Since his exile, Aksyonov's books have been removed from the shelves of Soviet libraries and bookstores, and readers often find that his stories have been razored out of anthologies in state libraries. The Soviet press has regularly vilified him. The government has been furious not only with what he has written about Russia in novels such as the fantasy "The Island of Crimea," but also for his sharp attacks in his regular Russian-language broadcasts for the Voice of America.

"The funny thing is that I've been reading from 'In Search of Melancholy Baby' on the radio broadcasts for a couple of months," Aksyonov said. "I get letters telling me that the people there love it." Parts of the books have also been available in Moscow as early as this summer in underground, samizdat, editions.

Aksyonov said he has not seen a copy of this week's Krokodil and was "absolutely shocked" when he heard the news.

Since the start of glasnost, Aksyonov has been, at best, circumspect, and even wrote a skeptical article for Harper's called "Through the Glasnost Darkly." He is skeptical, too, about Krokodil's motives for publishing him.

"To me, it's really rather ominous news. Krokodil is a nasty, reactionary magazine. I think it may be just to tarnish me, to show how appalling and anti-Soviet I am. It's a sign of glasnost, but it's a sign of perfidy, too."

The magazine's editors wrote that some readers would object to the excerpt and invited them to write letters. Aksyonov said that perhaps the magazine's invitation was a "provocation, part of a clever campaign against me and other writers."

Ardis Press' Ellendea Proffer, Aksyonov's friend and American publisher, disagreed, saying, "I don't see anything bad about this at all. I think it's a major step, maybe even toward a rehabilitation of Aksyonov. It's a case of another Soviet editor publishing things without clear permission. They do it in a hurry because they know that the door could close any minute."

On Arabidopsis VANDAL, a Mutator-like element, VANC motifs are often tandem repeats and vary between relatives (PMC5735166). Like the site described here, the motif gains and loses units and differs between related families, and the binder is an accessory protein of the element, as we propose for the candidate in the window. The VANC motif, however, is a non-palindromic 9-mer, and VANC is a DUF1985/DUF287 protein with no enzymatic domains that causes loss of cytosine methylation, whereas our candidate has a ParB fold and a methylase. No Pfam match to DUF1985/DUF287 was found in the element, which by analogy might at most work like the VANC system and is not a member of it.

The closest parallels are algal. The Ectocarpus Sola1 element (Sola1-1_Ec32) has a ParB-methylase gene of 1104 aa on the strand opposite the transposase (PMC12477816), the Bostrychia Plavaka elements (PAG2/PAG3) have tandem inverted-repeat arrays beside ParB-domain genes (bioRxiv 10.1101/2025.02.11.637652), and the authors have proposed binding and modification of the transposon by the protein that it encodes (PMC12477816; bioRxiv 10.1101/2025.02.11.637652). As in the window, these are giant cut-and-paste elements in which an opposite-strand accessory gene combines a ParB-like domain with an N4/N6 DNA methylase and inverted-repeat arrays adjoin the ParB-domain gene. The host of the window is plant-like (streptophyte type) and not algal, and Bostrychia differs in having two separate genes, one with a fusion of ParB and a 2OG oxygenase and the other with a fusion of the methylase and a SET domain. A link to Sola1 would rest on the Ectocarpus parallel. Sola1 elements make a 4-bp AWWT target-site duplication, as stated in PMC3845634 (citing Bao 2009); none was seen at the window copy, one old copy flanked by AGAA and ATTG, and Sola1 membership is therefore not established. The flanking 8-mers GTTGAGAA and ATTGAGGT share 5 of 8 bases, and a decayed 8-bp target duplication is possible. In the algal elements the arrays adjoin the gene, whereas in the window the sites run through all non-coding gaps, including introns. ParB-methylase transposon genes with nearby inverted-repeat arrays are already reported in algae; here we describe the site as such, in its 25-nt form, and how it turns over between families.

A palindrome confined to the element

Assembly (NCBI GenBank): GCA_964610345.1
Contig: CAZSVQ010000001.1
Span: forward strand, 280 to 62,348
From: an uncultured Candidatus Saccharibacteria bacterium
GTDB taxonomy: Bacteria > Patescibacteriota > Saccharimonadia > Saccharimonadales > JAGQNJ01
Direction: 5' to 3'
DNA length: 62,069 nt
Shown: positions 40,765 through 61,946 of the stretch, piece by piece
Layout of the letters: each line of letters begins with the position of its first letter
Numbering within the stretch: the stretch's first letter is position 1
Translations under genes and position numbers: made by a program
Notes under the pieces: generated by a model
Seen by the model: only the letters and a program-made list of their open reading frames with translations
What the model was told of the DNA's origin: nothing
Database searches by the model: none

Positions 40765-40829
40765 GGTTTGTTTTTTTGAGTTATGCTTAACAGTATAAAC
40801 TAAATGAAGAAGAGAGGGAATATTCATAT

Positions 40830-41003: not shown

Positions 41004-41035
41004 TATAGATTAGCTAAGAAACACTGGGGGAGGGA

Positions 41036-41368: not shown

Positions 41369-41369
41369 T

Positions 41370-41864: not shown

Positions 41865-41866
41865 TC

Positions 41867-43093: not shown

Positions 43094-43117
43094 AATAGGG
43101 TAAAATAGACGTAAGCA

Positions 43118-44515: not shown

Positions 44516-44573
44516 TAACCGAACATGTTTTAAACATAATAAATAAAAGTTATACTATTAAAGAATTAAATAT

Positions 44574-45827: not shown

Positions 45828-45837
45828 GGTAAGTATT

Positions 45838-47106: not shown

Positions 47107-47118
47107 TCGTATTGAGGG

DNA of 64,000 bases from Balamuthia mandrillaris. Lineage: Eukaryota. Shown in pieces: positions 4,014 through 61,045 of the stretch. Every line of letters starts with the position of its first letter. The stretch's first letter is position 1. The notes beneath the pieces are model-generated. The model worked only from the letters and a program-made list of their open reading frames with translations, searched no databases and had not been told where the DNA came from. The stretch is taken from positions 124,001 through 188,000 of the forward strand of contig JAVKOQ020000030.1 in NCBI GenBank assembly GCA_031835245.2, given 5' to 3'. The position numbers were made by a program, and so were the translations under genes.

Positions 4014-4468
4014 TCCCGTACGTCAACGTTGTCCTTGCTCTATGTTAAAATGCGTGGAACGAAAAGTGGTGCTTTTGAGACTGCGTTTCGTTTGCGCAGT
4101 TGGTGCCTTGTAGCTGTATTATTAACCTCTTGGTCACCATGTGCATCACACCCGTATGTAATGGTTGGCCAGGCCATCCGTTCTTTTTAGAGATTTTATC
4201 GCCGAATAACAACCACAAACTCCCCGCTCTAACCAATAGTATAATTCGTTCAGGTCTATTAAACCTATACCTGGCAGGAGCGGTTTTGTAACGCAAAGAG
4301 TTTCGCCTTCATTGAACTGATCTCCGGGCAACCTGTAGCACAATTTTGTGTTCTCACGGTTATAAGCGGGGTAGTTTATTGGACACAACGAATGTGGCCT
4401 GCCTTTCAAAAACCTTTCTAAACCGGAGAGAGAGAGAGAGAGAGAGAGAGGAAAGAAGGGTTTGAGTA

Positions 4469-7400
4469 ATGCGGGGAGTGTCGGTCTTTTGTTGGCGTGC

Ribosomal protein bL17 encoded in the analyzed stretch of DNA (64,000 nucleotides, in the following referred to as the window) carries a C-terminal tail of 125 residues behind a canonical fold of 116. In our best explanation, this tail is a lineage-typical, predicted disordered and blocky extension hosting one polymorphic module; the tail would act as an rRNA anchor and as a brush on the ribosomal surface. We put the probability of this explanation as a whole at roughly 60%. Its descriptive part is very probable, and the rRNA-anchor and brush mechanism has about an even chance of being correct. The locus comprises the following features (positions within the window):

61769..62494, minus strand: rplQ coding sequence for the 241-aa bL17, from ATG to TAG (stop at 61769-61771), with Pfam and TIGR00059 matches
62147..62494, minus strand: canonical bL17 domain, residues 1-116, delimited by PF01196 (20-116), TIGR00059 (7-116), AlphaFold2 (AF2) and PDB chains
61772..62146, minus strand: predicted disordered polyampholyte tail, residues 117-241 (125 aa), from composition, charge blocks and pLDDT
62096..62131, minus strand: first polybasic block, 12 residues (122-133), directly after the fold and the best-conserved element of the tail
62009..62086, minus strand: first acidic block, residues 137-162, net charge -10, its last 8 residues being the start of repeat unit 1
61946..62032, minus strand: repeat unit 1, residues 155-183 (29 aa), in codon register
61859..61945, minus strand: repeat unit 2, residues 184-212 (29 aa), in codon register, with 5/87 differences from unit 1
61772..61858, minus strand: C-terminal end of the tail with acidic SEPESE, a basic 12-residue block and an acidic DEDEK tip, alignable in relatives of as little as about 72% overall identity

This fall, Soviet authorities confiscated copies of Aksyonov's books that Proffer had brought to an international book fair in Moscow. "I remember then that I told a reporter for Sovietskaya Rossiya that they can't be afraid of publishing writers like Aksyonov," Proffer said. "And they printed what I said! It was the first positive reference to Aksyonov in the Soviet press since he left."

Aksyonov said he was angry that Krokodil did not bother to get copyright permission. The last time Aksyonov's work was officially published was 1979, when state publishing houses issued his short novel "In Search of a Genre" and his translation of E.L. Doctorow's "Ragtime."

The publication comes just days before Aksyonov's wife Maya leaves for a three-week visit to the Soviet Union, the first time she has been allowed back since their exile eight years ago. She applied for a visa when her mother died 18 months ago, but she never received a reply.

In introducing the excerpt of "In Search of Melancholy Baby," Krokodil archly noted that Aksyonov had said that his works would never again be published in the Soviet Union. "Errare humanum est" (to err is human), the magazine said.

Of his own pessimism about glasnost and this week's news from Moscow, Aksyonov said, "I just hope I am wrong."